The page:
The international development industry was rocked last night following the E3 reveal of Nintendo’s Wii U system.
The brand new home console features a ‘game changing’ controller with an in-built screen.
Below you’ll find a visual tour of the hardware, explaining how it will work in practice.
[If you’re more interested in the hardware’s innards, go here to read more about the system’s tech specs.]
Not since the N64’s three-pronged pad has Nintendo offered such an open solution to control.
As Develop’s source claimed last month, the device features a front-facing camera and a stylus for drawing images on the six-inch touch-screen. It’s believed the touch-screen itself is resistance-based, as opoposed to the capacitive screens used in mobile devices like iPhones and iPads.
Nintendo has broken tradition and is creating a console that looks similar to its predecessor. The same goes for the Wii brand itself which, being as ubiquitous as it is today, would have been perhaps too daring a move even for Nintendo.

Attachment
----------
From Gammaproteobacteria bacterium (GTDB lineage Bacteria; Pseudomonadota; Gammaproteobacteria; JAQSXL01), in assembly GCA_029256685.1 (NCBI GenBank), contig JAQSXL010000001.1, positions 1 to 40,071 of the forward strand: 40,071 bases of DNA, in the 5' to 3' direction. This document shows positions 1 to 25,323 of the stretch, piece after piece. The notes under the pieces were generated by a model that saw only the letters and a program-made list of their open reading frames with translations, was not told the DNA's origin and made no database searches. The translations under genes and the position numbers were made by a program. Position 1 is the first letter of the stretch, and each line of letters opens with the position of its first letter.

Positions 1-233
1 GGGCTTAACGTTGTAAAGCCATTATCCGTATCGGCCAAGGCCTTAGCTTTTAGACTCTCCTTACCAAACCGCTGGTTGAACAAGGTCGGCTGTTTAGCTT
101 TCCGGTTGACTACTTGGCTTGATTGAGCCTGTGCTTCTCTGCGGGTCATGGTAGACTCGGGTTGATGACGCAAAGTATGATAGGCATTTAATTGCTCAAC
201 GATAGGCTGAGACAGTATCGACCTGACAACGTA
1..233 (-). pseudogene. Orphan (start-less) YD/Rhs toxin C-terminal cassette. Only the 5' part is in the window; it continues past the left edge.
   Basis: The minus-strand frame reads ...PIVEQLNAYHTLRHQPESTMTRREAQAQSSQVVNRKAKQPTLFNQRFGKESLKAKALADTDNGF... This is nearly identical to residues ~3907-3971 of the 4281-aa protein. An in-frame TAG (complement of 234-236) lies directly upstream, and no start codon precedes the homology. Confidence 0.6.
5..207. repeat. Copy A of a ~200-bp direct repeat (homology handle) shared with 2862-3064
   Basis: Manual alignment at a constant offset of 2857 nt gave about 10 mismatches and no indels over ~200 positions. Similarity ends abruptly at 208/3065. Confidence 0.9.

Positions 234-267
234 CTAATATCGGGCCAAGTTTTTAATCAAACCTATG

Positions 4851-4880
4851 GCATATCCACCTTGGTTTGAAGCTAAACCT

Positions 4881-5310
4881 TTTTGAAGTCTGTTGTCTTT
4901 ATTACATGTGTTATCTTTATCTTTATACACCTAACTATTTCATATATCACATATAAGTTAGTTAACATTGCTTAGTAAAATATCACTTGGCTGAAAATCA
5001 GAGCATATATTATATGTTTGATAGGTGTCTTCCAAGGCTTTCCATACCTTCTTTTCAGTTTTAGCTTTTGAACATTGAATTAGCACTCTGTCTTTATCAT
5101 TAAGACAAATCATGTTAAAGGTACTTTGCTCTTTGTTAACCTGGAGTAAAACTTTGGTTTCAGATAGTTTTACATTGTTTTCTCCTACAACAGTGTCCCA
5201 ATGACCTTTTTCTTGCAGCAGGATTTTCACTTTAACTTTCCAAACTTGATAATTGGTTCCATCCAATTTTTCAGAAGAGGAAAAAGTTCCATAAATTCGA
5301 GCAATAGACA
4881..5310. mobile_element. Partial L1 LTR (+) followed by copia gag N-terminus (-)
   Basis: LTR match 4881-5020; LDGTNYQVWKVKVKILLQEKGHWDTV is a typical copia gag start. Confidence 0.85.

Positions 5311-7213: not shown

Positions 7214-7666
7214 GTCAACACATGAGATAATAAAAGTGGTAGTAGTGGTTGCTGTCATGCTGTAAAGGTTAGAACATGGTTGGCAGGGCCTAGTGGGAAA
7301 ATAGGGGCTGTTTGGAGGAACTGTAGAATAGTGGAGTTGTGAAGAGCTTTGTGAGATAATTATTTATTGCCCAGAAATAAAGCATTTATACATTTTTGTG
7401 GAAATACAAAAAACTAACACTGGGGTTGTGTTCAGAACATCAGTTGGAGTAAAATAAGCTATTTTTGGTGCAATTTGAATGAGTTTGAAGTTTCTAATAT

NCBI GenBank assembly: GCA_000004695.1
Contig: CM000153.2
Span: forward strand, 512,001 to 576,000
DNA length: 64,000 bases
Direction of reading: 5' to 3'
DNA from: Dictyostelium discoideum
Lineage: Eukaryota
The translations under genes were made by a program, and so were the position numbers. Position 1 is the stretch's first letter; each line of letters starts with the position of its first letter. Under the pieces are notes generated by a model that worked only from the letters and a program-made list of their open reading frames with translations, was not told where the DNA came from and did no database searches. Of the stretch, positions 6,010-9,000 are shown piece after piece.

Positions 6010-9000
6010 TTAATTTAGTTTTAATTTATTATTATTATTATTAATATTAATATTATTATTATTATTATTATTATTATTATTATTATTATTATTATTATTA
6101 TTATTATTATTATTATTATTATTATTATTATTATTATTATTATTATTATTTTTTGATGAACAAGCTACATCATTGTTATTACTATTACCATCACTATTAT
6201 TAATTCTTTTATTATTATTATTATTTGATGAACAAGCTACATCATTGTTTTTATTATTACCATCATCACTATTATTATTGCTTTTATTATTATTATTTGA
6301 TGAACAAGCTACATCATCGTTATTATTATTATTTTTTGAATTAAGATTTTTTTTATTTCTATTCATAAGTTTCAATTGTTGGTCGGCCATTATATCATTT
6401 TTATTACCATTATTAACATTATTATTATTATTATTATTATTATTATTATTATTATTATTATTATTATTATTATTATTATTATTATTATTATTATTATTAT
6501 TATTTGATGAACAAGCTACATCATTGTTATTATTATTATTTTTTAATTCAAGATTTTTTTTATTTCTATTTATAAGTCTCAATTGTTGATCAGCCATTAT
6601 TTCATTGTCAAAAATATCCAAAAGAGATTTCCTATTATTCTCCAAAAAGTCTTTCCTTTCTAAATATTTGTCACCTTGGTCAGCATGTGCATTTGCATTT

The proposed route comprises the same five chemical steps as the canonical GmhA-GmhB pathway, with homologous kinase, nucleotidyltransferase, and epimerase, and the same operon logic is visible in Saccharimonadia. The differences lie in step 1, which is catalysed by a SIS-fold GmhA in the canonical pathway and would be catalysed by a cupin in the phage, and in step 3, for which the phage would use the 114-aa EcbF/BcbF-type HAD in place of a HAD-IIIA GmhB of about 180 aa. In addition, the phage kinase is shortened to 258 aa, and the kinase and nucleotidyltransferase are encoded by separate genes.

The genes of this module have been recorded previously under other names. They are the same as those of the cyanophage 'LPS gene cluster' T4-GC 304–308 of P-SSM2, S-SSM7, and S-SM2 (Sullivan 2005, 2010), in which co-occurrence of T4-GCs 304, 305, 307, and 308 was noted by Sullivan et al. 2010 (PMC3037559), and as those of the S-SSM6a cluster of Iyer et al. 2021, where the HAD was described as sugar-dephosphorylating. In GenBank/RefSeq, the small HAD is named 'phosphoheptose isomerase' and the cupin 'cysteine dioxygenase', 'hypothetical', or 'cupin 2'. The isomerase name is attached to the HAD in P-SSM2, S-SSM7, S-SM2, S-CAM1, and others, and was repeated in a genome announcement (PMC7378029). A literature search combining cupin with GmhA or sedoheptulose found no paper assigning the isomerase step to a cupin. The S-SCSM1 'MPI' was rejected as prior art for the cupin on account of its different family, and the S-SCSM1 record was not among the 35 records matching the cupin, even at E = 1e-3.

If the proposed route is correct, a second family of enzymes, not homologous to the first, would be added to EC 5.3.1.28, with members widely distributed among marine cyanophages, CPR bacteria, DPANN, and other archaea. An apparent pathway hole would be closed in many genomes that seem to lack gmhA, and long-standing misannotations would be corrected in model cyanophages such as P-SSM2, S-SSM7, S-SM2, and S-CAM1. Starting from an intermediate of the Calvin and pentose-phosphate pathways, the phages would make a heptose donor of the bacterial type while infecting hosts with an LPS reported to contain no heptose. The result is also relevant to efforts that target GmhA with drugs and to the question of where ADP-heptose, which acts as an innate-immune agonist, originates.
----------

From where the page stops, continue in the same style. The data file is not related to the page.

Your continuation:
Five-player simultaneous multiplayer is promised, as well as backwards compatibility. Visual data can be streamed to the controller, meaning that the TV won’t be essential for playing Wii U games. (Though the TV will still be important, especially for playing legacy Wii games – notice the sensor bar atop the TV). Nintendo claims there is no noticable lag on the visual data sent to the controller.
Two screens, one game
The new Wii U pad can interact with the TV screen itself, creating a dynamic picture-in-picture in the palm of the user’s hands.
Project Cafe… Oh, of course! Coffee table gaming! It all makes sense now.
And finally, two pictures of the moment when the games industry turned a corner.
For Develop’s extensive Wii U coverage, go here